A scene from Lật Mặt:48 Giờ (Face Off: 48 Hours), an action comedy about love and family by producer Lý Hải of HCM City. Cinemas in HCM City have closed due to new COVID-19 cases. Photo courtesy of the producer
By Thu Anh
HCM CITY — Cinemas in Hà Nội and HCM City, the two biggest markets in the country, closed on May 3 until further notice after new COVID-19 community cases were confirmed.
Vietnamese filmmakers are expected to face losses after the national holiday four-day weekend which began on April 30.
Three Vietnamese films, Thiên Thần Hộ Mệnh (The Guardian), Trạng Tí (Child Master) and Lật Mặt:48 Giờ (Face Off: 48 Hours), have temporarily stopped screening.
Thiên Thần Hộ Mệnh, released on April 29, has earned VNĐ26.7 billion (US$1.15 million) in ticket sales. Its competitor, Trạng Tí, earned VNĐ15.3 billion ($657,000) after four days of release, according to the Box Office Vietnam, which provides ticket sale reports of film productions in Việt Nam.
Thiên Thần Hộ Mệnh is a thriller by Vietnamese-American director Victor Vũ, a graduate of Loyola Marymount University in the US.
Thiên Thần Hộ Mệnh (The Guardian), a thriller by Vietnamese-American director Victor Vũ, released on April 29, has earned VNĐ26.7 billion (US$1.15 million) in ticket sales. Photo courtesy of the producer
The film features three young women who feed and dress life-sized baby dolls as if they are living things.
Its trailer, which features haunting scenes, has attracted more than 103,000 views on YouTube.
Director Vũ combined Vietnamese and Hollywood styles in his film.
The film’s producer, Tfilm Entertainment, said they are working with foreign partners to release Thiên Thần Hộ Mệnh in 12 countries, such as Australia, Canada, Hungary, France, Ireland, the UK and US.
Trạng Tí is a new production by blockbuster director Phan Gia Nhật Linh.
The film is about Vietnamese folk stories. It features four child characters called Tí (Mouse), Sửu (Buffalo), Dần (Tiger) and Mẹo (Cat), who live in a remote village and use their intelligence to protect villagers.
The soundtrack is composed by Đức Trí, a graduate of the Berkelee College of Music in the US. Trí uses folk music from people in the northern and southern regions to highlight the film’s theme.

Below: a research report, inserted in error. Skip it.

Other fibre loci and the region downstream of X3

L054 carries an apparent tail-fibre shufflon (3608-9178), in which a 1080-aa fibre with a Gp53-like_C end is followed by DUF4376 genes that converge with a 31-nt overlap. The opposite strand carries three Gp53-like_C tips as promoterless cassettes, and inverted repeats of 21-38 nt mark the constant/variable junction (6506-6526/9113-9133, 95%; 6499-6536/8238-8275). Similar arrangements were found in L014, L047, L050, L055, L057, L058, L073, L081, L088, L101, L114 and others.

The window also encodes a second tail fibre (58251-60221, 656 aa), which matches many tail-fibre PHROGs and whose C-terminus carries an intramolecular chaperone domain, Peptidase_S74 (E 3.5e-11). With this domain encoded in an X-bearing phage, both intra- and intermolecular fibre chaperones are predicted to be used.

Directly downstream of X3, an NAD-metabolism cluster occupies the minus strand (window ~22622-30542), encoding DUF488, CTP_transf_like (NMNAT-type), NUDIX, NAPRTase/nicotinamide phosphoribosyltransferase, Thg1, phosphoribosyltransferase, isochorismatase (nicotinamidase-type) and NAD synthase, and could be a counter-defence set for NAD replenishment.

Trạng Tí was postponed twice due to the Covid-19 outbreak. It was first scheduled to be released in cinemas in May last year. Its release during the Tết (Lunar New Year) holiday period in February was also cancelled.
Its trailer on YouTube has attracted more than one million viewers.
The film’s producer, Studio68, and its partners spent VNĐ43 billion ($1.85 million) on the production.
In a recent interview with HCM City-based Tuổi Trẻ (Youth) newspaper, movie star and director-producer Ngô Thanh Vân, owner of Studio68, said: “I’m very sad. I have no idea about my profits from ticket sales.”
Lật Mặt:48 Giờ was released two weeks ago and earned VNĐ153 billion ($6.8 million) at the box office. The film earned VNĐ19.2 billion ($825,600) in just four days after release from April 29 to May 2.
“To live in the unfortunate time of COVID-19 is to always prepare for the worst scenarios,” said the film’s producer Lý Hải, owner of Lý Hải Production Studio.
Lật Mặt:48 Giờ features a family trying to escape from a gang that is chasing them.
The action comedy highlights themes about love and family, starring veteran actors Võ Thành Tâm, Huỳnh Đông and Ốc Thanh Vân in the main roles.
Producer Hải invited fight choreographers Hải Bùi of Việt Nam and Kim Chung Min of South Korea to take part in the film.
“Lật Mặt:48 Giờ contains thrilling action scenes filmed at floating markets, and on boats and ferries,” said Trần Hoàng Anh, a fan in HCM City. VNS